Current Centric MOSFET or JFET or Bipolar Matcher/Measurer

There've been some ideas about DIY MOSFET (and other gain device) matching. Nelson Pass has written a couple of articles:

The second of these pieces goes well beyond the goals of this project. The circuits from the first are quick for measurements such as: "for each of these MOSFETs what's the drain current for a specified gate source voltage?", but slower for measurements such as: "for each of these MOSFETs what's the gate source voltage for a specified drain current?" Since in the latter case for every MOSFET in turn a pot must be adjusted until a meter reads the desired current before the gate source voltage can be measured, while in the former case the pot can be set once for all the MOSFETs.

I designed this circuit so that when a MOSFET (or JFET or bipolar) is plugged in, an attached multimeter automatically reads the gate source voltage required for a previously set drain current. In particular, the pot adjusting the drain (or emitter) current is only set once, at the start of measuring a whole batch of MOSFETs.

Ther're no special requirements for the opamps, TL071 symbols just happened to be handy when I drew the circuit. When I built it I used a TL072, and many other general purpose opamps will also work.

The upper half of the circuit (with test device Q1) is for N-channel FETs and NPNs, and the lower half (with Q2) is for P-channel FETs and PNPs. Both halves work the same way. The opamp's configured as a follower. By negative feedback it adjusts the voltage at the test device's gate or base to be such that the voltage at its source or emitter is the same as the voltage at the opamp's non-inverting input, which is set by the pot. Since this voltage is also the voltage across the load resistors (R3, R6 & R9 or R4, R8 & R10) the setting of the pot also determines the source or emitter current of the device being measured.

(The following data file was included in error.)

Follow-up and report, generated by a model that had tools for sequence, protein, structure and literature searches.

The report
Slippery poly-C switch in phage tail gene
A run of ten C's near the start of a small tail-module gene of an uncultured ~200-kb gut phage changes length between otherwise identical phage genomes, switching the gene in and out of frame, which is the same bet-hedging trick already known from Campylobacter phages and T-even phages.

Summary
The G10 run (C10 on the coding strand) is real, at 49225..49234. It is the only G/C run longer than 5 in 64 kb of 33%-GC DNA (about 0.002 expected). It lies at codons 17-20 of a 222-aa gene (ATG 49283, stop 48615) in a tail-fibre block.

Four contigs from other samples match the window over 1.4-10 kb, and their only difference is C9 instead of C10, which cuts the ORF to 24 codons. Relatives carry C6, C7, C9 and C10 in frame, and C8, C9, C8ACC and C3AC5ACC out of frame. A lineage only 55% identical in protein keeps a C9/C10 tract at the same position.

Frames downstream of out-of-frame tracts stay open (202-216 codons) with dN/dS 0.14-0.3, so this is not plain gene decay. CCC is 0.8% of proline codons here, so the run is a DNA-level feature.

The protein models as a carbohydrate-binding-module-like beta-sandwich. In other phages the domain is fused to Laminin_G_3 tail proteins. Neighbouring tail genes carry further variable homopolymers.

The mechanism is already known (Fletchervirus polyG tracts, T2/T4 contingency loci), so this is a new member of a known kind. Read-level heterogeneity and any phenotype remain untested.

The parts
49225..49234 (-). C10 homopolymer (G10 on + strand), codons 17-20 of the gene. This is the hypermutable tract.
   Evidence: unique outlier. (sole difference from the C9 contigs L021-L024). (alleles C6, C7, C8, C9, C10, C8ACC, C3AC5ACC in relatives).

The switches allow the load resistance to be reduced so that high drain or emitter currents can be used without the load resistors' overheating. Also the circuit can be run from bench supplies, so that the rail voltages can be adjusted to keep power dissipation under control in the device being measured.

For N-channel FETs or NPNs measure the voltage from point A to point B to get Vgs or Vbe. The voltage across the load resistor can be measured form point B to point C. It's (of course) related to the drain or emitter current by ohm's law and the value of the load resistance. So to have the most accurate knowledge of drain/emitter current, measure the load resistance first.

Similarly for P-channel FETs or PNPs the voltage from point D to point E is Vgs or Vbe, and the voltage from point C to point D is the voltage across the load resistance, etc.


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